The Active Person’s Guide to Hip and Knee Osteoarthritis Prevention

According to the Arthritis Foundation, hip and knee osteoarthritis contributes substantially to disability—worldwide. Research further demonstrates that the frequency of knee osteoarthritis has nearly doubled, affecting approximately 19% of Americans ages 45 and older. For athletes and active adults, osteoarthritis of the knee and hip can affect mobility, produce pain and discomfort, and even disrupt the ability to perform daily routines. To help protect cartilage in these much used and needed areas of the body, osteoarthritis prevention tips can help. 

At EmergeOrtho–Triangle Region, our Hip and Knee Pain Team utilizes innovative, sophisticated approaches and technology to help diagnosis, prevent, and treat osteoarthritis. Our compassionate, skilled physicians work together to establish personalized joint pain prevention plans to help you return to a life in motion. 

How to Prevent Cartilage Loss (Osteoarthritis)

Many people wonder what causes osteoarthritis and why it is so common. Essentially, osteoarthritis refers to the gradual wear and tear of the cartilage that cushions your joints. Corrosion of cartilage is common among athletes, active people, and those age 65 and older. 

When you think about how much the body relies on the cartilage that protects the joints, it makes sense that the hips and knees are particularly susceptible to cartilage loss. Healthy hip and knee cartilage are essential in sports like soccer, football, skiing, and tennis for athletes. Everyday tasks rely on the hip and knee joints too; think about simply walking up and down the stairs or picking up a dropped object. 

The questions we receive from many of our athlete patients and active adults is how to stop osteoarthritis from progressing. Take a look at a few osteoarthritis prevention tips recommended by board-certified, EmergeOrtho–Triangle Region Hip and Knee Specialists:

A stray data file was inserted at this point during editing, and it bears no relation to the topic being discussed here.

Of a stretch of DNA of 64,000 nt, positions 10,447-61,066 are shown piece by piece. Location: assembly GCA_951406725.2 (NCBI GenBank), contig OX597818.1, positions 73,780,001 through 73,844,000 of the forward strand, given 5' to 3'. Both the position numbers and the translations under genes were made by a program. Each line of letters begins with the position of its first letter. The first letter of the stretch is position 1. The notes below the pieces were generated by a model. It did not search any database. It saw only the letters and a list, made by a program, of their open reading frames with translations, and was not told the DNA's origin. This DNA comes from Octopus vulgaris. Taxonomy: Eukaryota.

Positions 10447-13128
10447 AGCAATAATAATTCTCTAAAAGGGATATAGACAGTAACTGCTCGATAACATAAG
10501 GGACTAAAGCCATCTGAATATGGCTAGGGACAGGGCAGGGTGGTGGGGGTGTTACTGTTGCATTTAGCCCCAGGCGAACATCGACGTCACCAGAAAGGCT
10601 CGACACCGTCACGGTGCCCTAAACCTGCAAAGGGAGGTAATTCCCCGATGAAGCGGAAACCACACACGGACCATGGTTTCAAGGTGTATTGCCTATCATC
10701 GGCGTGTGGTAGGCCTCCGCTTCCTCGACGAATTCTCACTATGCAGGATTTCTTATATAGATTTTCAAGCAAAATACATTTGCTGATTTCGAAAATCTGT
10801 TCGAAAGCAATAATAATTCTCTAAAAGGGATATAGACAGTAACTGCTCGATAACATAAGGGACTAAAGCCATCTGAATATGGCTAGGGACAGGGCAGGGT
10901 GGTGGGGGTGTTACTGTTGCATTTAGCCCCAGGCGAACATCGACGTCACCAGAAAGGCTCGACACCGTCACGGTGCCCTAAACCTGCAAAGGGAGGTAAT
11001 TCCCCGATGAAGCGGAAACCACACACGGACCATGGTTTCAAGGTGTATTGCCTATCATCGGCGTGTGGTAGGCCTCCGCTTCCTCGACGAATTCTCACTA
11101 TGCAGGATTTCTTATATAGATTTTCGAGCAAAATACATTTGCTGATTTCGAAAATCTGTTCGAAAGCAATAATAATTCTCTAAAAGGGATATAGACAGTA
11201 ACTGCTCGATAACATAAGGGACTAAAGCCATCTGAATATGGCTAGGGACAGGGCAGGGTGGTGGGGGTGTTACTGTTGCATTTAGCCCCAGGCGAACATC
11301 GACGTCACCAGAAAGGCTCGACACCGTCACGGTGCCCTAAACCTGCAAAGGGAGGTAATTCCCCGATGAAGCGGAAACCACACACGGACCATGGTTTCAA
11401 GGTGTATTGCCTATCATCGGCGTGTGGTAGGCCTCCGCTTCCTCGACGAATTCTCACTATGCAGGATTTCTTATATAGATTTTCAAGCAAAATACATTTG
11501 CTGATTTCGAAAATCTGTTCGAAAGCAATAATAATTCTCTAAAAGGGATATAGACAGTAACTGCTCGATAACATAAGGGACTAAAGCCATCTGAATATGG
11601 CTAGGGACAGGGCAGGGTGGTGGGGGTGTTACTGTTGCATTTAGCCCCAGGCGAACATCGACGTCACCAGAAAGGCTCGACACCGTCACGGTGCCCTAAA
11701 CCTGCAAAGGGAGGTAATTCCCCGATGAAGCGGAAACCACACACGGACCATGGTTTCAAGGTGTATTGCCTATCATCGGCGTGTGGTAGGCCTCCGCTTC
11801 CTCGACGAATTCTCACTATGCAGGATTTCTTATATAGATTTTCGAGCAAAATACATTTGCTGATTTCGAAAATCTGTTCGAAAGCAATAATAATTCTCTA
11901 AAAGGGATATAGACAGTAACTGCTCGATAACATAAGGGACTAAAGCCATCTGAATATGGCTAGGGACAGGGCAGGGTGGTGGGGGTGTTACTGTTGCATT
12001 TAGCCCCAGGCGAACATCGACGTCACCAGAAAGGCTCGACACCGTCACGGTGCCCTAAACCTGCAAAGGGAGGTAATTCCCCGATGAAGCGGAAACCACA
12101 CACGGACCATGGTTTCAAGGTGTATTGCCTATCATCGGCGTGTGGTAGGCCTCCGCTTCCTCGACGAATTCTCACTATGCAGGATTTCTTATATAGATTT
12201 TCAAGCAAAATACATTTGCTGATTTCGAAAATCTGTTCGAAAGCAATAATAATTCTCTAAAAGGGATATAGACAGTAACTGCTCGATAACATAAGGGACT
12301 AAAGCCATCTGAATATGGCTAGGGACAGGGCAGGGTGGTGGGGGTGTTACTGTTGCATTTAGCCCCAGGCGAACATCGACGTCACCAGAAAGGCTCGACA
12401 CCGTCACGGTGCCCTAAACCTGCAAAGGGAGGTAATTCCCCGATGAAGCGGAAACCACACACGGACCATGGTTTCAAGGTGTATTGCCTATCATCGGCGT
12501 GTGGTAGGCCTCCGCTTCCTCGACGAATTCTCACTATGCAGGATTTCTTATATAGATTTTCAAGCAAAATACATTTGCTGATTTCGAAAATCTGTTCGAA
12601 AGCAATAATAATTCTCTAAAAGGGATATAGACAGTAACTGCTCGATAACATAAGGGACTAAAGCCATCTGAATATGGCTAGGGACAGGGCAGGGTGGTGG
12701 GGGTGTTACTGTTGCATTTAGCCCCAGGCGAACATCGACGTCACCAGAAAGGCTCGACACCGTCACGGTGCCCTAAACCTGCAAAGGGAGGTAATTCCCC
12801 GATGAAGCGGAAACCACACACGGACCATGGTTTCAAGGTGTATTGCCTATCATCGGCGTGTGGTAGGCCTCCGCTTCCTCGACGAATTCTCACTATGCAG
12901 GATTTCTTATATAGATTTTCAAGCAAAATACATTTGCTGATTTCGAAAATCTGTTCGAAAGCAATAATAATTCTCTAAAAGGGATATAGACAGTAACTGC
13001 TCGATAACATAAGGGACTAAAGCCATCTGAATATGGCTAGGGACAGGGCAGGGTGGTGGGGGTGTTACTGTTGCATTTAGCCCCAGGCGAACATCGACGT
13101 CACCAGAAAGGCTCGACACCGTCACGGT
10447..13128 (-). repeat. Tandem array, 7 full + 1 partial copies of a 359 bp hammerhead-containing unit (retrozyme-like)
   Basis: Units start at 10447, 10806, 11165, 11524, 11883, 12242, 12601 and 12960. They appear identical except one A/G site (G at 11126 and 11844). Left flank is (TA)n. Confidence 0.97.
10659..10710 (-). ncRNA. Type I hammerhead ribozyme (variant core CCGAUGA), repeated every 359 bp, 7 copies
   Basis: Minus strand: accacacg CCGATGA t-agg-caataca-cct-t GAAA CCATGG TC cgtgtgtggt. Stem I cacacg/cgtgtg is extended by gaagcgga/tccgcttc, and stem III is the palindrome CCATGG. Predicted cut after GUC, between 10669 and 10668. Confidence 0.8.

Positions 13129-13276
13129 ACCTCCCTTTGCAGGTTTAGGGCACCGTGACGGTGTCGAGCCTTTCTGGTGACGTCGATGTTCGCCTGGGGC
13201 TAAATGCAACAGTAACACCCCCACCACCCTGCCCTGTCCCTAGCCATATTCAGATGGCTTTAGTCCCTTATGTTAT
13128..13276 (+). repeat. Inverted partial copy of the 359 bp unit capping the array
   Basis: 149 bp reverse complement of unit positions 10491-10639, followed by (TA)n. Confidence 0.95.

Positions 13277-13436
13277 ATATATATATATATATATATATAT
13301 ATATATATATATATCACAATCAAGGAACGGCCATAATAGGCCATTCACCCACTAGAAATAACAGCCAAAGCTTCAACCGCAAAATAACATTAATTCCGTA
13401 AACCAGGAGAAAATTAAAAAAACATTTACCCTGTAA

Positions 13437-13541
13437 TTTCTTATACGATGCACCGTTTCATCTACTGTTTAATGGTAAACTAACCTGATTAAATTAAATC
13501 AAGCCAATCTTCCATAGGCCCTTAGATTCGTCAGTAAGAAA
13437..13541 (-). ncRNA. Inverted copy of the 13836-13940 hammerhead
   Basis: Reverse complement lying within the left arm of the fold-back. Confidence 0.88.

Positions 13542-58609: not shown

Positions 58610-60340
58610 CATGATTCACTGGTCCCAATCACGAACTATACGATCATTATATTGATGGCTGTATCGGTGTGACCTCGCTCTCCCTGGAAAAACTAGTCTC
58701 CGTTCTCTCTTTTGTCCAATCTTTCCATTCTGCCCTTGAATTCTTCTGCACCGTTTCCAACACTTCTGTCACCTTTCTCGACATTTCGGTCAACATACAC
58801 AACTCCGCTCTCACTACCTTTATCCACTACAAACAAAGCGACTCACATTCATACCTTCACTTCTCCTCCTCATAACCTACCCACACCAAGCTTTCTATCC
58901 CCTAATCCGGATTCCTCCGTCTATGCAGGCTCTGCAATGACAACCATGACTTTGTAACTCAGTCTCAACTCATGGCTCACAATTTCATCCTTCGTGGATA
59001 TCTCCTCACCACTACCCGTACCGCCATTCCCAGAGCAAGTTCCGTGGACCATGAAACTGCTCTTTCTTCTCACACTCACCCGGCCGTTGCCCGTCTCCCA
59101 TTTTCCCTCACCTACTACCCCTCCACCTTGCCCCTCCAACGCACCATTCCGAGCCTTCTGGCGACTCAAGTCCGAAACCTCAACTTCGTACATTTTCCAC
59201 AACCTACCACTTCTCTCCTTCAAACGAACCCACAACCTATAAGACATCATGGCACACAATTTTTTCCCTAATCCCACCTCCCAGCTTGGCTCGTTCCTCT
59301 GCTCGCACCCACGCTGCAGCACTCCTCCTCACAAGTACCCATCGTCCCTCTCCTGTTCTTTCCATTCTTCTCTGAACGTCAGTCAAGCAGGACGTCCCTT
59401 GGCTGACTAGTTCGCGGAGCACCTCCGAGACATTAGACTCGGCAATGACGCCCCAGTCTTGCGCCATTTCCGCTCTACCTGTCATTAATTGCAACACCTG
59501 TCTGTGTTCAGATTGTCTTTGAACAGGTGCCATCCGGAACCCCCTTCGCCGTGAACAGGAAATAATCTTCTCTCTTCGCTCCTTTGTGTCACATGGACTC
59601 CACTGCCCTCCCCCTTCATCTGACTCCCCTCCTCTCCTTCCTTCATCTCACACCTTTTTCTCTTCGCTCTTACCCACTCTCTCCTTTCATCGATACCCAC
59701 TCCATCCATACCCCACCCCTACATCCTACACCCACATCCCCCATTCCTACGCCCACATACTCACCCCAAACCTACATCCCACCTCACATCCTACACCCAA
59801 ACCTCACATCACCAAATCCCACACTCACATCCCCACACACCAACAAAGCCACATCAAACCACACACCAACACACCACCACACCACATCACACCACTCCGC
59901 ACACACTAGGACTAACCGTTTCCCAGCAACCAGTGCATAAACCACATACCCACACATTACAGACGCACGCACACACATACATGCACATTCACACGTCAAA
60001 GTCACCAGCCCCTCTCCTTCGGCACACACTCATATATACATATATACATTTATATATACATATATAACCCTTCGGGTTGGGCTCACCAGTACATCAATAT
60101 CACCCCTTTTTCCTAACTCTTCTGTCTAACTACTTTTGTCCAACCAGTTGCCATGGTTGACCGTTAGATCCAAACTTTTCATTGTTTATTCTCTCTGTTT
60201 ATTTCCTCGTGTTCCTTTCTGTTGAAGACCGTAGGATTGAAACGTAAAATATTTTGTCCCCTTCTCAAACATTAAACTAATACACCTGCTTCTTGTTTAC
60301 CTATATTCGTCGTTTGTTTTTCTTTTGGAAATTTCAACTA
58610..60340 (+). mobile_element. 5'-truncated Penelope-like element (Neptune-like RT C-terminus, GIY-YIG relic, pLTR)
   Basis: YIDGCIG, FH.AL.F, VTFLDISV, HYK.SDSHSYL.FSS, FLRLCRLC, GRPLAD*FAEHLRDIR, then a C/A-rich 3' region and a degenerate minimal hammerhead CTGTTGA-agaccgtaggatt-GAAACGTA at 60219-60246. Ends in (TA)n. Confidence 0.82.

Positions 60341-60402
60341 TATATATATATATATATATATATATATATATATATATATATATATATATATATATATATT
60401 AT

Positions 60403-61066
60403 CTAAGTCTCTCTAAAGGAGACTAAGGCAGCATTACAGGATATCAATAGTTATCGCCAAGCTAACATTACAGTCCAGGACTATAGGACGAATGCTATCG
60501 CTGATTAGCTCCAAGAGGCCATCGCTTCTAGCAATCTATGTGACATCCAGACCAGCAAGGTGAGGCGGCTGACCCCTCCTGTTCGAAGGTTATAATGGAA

• Get Active
    According to the Arthritis Foundation, physical activity helps reduce pain and improve physical function for adults with osteoarthritis by 40%. Experts suggest 30 minutes of moderate to intense exercise, five times a week to help joints remain flexible, strong, and healthy. Ask your orthopedic physician or physical therapist for specific exercises to help strengthen the muscles that support and stabilize your hips and knees. 
  • A doctor reviews a patient X-ray image of an arthritic hip utilizing a digital tablet, seated across from a male patient.Maintain Healthy Weight
    Obesity and osteoarthritis are scientifically linked. One-third of all adults who are diagnosed with obesity also have arthritis. Research demonstrates that for every extra pound gained over your healthy weight, four pounds of stress is added to the knee and hip joints. In addition to excess weight, fat tissue itself presents a problem. Fat tissue produces proteins referred to as ‘cytokines’. These proteins alter the state of healthy cartilage leading to pain and inflammation. 
  • Protect Yourself
    Although wear and tear often occur gradually, a traumatic injury can trigger osteoarthritis as well. An individual who has experienced a dislocation, fracture, ligament strain or tear, is at a much higher risk of developing osteoarthritis. To keep the knees and hips safe, athletes should protect themselves by wearing the appropriate protective sporting gear and equipment. Non-athletes can prevent injury by making sure to properly hydrate, rest, and be mindful of posture when lifting and carrying heavy items. 
  • Monitor Blood Sugar
    Newer studies demonstrate that patients with diabetes are at a higher risk of osteoarthritis. Diabetes can trigger inflammation that eventually leads to cartilage loss. 
  • Consult an Orthopedic Specialist 
    Orthopedic specialists can provide special imaging testing (X-ray and MRI), combined with additional diagnostic testing to detect the development of osteoarthritis. Family history may also help determine your risk for knee or hip osteoarthritis. 

Are You in Need of Treatment?

If you are concerned that you may already be experiencing osteoarthritis in the hip or knee, the fellowship-trained subspecialists at EmergeOrtho–Triangle Region are here to help. We serve a wide variety of local North Carolina patients with the most effective and innovative treatment methods so you emerge stronger, healthier and ready to resume an active lifestyle.  

If you would like to schedule a consultation with one of our EmergeOrtho–Triangle Region Hip and Knee physicians, call us any time at (919) 220-5255